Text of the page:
If the shallow Tinder-ed millennial dating culture didn’t do it already, Pike’s performance as a psychotic and vengeful wife completely turned me off from ever pursuing a romantic relationship. But they don’t come crazier than Patricia Driscoll, the NASCAR hothead’s serially violent ex-bae. Busch testified that she once met him in a blood-spattered evening gown and a trench coat; in other words, she's every man's nightmare. The moral of the story: marriage isn’t the answer, unless your prefer your answers splattered in human plasma.

Hiking the entire West Coast is pretty wild, but what being a millionaire about living in a van? (@DanielNorris/Twitter)
Hiking the entire West Coast is pretty wild, but what being a millionaire about living in a van? (@DanielNorris/Twitter)
Reese Witherspoon (Wild) is… Daniel Norris.

In Wild, Witherspoon plays Cheryl Strayed, who chooses to live like a vagabond and hike the Pacific Crest Trail to find herself. Like Strayed, Norris, a Blue Jays prospect, chooses to live an alternative lifestyle. In the offseason, Norris lives in a van down by the river, specifically a 1978 Volkswagen Westfalia microbus, in an effort to find peace and God. Of course, Witherspoon, Strayed and Norris have all reaped millions of dollars for their dirtiness, but it’s the anti-materialist thought that counts.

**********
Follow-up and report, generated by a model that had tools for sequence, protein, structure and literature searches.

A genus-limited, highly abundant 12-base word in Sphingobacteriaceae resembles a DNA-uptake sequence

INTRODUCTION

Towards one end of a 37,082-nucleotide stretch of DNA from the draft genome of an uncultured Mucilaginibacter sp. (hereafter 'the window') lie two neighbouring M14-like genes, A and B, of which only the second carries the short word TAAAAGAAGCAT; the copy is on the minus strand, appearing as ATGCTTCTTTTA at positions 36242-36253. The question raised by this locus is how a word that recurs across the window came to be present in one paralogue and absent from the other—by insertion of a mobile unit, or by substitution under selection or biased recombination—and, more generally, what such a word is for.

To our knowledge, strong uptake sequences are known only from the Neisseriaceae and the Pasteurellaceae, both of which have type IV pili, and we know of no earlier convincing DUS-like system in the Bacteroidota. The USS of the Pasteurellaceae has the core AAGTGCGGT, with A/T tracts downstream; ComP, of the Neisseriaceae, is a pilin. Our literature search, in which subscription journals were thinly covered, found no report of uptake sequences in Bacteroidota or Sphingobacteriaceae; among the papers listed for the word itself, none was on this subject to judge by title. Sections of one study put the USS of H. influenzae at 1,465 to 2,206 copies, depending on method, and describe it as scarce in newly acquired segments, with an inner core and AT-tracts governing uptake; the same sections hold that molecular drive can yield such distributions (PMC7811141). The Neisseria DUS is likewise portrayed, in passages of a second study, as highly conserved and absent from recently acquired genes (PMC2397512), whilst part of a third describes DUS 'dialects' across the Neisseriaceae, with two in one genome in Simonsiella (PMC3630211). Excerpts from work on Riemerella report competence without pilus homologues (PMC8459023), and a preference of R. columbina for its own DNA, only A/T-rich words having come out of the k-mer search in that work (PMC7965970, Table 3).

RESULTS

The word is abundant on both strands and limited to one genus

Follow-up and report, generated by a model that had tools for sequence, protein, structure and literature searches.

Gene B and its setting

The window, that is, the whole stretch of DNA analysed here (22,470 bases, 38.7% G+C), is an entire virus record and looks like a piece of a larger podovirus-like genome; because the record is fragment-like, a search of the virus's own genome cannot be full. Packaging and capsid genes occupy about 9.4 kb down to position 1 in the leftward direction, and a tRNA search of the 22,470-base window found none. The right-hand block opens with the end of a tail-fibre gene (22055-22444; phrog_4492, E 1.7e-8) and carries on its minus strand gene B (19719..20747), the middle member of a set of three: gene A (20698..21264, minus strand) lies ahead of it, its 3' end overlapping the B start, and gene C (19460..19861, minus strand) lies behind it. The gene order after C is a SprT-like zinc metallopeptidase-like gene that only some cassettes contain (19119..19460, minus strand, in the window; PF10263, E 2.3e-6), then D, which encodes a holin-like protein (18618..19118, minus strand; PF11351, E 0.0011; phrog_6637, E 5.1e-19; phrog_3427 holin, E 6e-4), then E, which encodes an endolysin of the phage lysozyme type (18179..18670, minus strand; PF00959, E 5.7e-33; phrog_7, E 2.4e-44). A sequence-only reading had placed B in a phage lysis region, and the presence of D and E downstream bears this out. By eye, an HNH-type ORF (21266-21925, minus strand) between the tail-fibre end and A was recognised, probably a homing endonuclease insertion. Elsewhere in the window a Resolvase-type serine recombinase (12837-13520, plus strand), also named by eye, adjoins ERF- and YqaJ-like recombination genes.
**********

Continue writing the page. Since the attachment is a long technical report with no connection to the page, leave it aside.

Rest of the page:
J.K. Simmons (Whiplash) is… Will Muschamp.

How you like them veins? These dictatorial hotheads tried to get the most of the impressive talent they recruited to their colleges, but ended up getting fired because they couldn’t properly corral their talent. Also, it looks funny when they yell.

Robert Duvall (The Judge) is… golf.

You had a nice run, guys. From being the Don’s consigliere to being the top leisure sport for powerful white alcoholics. From “I love the smell of Napalm in the morning” to “A tradition unlike any other.” These powerhouses in their respective fields had their time in the sun, but are now shells of their former selves. Duvall literally shits himself in this latest film and only got nominated because of his aura and past work, while golf execs are shitting themselves trying to find the next Tiger Woods, salvaging the game’s ratings and redeveloping youth interest in the archaic activity.